Meal planning service face-off: No More To-Go vs 5 dinners, 1 hour

For several years I had a subscription to eMeals, and tried several of their plans. They were always more oriented toward other parts of the country with their grocery store choices, and toward families with small children (read: boring ‘white people food’ without much spice or variation). So when my subscription was up last year I let it expire. During the same period I got several deliveries from Blue Apron (which I wrote about a little here) that were a little too fancy and involved for what I wanted to cook on a weeknight. What I was looking for was something in-between: recipes that were interesting but not too involved.

Around Christmas there was a discount offer for the meal planning service No More To-Go* on Amazon Local, and I decided to try it out. It’s similar to eMeals in that there is a new slate of recipes each week, and it includes a grocery list. They’ve recently revamped the site so you can tweak your plan before you print it out, with the ability to remove meals or add meals from the recipe archives, and see the changes reflected in your grocery list. It’s easy to use and all the recipes I’ve made have been tasty.

My only issue is that there’s no choice in type of diet included; however, everything is reasonably healthy, no crazy Paula Deen stuff here, but there are a lot of starches. I’m still trying to eat mostly low-carb without grains, so that’s less convenient for me personally. However, the recipes have really hit the sweet spot of being interesting enough without being too complicated, so I will likely continue to subscribe once my initial deal is over. In my opinion, No More To-Go* is worth checking out if you have a more adventurous palate but like the idea of a weekly meal plan.

[*Both of these links are affiliate links; if you visit NMTG and decide to subscribe, I get a small cut. I paid for my own subscription and am writing this review of my own volition because I like the service.]

5 Dinners 1 Hour is a new website that offers a weekly plan like eMeals or No More To-Go, with the difference that everything is prepped beforehand so that it can be cooked quickly on the night of. As you might guess, the claim is that you can do all of your grocery shopping and prep on the weekend, the latter taking less than an hour, and then have five meals ready to be cooked when you get home from work. Basically it’s intended to be like Rachael Ray’s Week in a Day, except actually save you time instead of keeping you in the kitchen all day long.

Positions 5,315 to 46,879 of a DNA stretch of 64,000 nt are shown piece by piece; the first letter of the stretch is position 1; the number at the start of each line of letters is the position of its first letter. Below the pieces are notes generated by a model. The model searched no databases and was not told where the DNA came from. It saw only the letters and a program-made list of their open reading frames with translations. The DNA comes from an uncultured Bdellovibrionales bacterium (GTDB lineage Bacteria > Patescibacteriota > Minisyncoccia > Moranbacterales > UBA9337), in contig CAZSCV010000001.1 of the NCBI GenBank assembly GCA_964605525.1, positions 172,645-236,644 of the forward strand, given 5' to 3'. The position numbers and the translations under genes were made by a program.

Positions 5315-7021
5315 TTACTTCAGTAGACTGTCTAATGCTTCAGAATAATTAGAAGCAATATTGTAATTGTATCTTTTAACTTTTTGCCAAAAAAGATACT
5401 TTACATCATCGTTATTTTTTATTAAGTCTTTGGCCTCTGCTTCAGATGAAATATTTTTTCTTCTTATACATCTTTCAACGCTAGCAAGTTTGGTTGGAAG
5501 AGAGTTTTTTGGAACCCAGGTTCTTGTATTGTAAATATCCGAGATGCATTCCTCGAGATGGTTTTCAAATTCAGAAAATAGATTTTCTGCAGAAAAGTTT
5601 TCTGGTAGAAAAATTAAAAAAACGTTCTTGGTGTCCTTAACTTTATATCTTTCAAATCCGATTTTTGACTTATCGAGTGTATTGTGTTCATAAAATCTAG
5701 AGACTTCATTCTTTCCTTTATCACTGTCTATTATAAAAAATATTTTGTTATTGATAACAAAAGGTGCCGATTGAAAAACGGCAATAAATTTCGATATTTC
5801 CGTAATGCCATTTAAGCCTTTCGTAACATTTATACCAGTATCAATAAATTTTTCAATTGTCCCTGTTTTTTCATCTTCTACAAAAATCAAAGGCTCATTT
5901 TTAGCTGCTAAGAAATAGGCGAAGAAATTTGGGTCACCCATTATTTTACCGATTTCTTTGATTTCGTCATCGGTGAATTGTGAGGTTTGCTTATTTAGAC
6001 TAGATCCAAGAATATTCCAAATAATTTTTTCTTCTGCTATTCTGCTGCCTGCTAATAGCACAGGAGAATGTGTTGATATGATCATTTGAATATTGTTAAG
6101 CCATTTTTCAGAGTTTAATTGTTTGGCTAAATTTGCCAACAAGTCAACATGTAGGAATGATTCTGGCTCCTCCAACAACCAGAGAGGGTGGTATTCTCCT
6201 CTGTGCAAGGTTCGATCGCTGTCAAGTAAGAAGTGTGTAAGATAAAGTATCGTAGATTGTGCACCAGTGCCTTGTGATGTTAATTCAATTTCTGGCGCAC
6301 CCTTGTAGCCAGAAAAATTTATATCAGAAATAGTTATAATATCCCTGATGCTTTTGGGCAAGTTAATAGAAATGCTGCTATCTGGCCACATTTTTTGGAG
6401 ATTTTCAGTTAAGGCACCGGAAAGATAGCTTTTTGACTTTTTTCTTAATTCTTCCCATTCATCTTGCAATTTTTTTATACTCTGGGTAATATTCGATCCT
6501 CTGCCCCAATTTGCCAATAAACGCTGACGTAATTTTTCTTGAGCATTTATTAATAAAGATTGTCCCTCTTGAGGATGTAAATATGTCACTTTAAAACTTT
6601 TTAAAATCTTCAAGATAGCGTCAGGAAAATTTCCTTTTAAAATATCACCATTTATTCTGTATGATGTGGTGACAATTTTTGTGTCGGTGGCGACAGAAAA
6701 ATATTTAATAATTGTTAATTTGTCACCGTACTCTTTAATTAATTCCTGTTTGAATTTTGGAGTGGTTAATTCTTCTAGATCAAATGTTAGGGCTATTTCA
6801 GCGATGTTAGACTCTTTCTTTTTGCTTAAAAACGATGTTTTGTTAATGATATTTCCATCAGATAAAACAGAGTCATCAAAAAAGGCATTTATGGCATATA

Unfortunately, I was less than impressed with the recipes. The built-in grocery list was handy, but the way the recipes printed out was a bit confusing, and overall most of the recipes were super-dull and obvious. I realize that novelty isn’t necessarily the prime factor that you might be looking for in this situation, but the recipes have to be at least as decent as my old standbys, or I might as well just make the same four things over and over, you know?

If you’re really tight on time, 5 Dinners 1 Hour might be right for you. They do have a 14 day free trial that you can try out, without having to give your credit card info, and during the trial you can see the archive of the current month’s recipes as well as the previous month’s, so you can get a pretty good idea if it’s going to be the service for you.

Food Friday: cookbook recommendation and pork & kale

Apparently Nigel Slater is some sort of culinary celebrity in the UK. I’d never heard of him until Marisa at Food in Jars mentioned his newest cookbook during her favorite cookbooks of 2014 roundup. After a while on my library’s hold queue, Eat became available this week and I really enjoyed it. I’ve not made anything from it yet – I added several recipes to my ‘try this’ queue on Plan to Eat – but I fully expect to enjoy the results. It’s written in a narrative style, in paragraphs without the ingredients being mentioned ahead of time, and that makes it a much less clinical experience to read (and, I presume, to cook with). If you’re looking for interesting but not crazy-complicated food to make at home, I highly recommend you check out Eat.